Quantiles and expectiles of a distribution are found to be useful descriptors of its tail in the same way as the median and mean are related to its central behavior. This paper considers a valuable alternative class to expectiles, called extremiles, which parallels the class of quantiles and includes the family of expected minima and expected maxima. The new class is motivated via several angles, which reveals its specific merits and strengths. Extremiles suggest better capability of fitting both location and spread in data points and provide an appropriate theory that better displays the interesting features of long-tailed distributions. We discuss their estimation in the range of the data and beyond the sample maximum. A number of motivating examples are given to illustrate the utility of estimated extremiles in modeling noncentral behavior. There is in particular an interesting connection with coherent measures of risk protection.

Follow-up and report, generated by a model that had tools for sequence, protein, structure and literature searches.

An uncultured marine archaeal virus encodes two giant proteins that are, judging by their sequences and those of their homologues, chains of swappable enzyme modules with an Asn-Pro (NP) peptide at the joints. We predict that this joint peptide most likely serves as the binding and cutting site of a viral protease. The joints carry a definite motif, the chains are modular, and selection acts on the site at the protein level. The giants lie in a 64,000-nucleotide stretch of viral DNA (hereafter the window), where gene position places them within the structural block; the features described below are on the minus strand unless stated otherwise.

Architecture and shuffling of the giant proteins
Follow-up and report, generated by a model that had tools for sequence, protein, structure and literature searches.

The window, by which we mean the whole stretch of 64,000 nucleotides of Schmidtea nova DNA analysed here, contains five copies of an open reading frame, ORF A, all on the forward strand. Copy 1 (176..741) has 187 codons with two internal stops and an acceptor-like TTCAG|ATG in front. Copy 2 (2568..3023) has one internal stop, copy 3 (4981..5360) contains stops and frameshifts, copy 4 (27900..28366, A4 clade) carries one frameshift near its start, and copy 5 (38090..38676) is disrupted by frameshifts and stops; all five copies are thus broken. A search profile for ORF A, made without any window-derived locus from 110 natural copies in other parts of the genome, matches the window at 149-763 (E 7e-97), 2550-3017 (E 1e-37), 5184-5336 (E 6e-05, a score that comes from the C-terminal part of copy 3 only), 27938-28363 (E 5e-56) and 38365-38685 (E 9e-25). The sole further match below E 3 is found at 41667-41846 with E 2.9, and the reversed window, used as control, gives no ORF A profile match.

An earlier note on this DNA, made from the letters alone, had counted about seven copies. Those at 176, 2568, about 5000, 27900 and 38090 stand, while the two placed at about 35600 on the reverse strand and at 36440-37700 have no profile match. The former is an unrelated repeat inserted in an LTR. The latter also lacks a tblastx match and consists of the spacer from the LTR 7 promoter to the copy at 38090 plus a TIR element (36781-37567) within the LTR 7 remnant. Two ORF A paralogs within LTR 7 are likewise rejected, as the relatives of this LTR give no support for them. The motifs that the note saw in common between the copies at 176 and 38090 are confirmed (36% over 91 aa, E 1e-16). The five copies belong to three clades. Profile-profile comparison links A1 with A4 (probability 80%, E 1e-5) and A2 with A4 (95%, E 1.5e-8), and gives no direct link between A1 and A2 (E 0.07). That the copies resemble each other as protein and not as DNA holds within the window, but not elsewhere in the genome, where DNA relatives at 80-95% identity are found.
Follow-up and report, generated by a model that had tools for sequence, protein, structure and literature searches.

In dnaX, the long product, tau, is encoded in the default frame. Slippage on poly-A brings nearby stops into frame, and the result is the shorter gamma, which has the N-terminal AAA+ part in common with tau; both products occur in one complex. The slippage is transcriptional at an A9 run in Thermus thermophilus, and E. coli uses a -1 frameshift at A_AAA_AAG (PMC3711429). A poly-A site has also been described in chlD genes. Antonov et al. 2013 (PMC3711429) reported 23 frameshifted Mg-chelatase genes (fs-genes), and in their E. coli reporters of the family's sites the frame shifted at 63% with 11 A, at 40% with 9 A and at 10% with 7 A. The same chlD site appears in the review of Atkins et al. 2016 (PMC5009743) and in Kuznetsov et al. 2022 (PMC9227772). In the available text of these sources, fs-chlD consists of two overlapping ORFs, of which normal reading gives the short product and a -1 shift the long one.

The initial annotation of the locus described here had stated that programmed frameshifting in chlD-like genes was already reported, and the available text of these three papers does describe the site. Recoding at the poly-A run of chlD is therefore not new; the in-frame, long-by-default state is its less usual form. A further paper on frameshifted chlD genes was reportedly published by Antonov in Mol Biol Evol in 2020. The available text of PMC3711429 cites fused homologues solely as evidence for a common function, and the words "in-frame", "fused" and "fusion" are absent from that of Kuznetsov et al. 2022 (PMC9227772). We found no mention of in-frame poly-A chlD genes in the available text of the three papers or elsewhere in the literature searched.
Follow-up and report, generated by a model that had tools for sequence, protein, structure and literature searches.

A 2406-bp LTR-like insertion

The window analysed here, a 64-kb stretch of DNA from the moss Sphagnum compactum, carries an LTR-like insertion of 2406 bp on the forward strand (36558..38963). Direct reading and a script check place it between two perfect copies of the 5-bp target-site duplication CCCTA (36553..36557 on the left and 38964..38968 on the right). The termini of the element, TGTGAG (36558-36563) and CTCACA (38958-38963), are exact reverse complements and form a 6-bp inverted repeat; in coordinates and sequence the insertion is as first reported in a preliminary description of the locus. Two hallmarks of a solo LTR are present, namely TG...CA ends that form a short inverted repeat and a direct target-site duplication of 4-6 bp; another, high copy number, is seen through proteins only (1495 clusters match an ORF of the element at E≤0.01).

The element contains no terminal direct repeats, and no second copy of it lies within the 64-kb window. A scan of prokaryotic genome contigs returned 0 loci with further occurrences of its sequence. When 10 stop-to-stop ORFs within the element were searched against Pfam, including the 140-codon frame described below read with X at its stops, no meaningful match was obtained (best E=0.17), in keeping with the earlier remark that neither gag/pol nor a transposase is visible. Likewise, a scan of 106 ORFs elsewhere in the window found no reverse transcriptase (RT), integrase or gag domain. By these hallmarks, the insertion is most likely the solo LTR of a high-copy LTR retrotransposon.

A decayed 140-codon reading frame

Abdelaati Daouia, Irene Gijbels, and Gilles Stupfler, “Extremiles: A new perspective on asymmetric least squares”, Journal of the American Statistical Association, vol. 114, n. 527, 2019, pp. 1366–1381.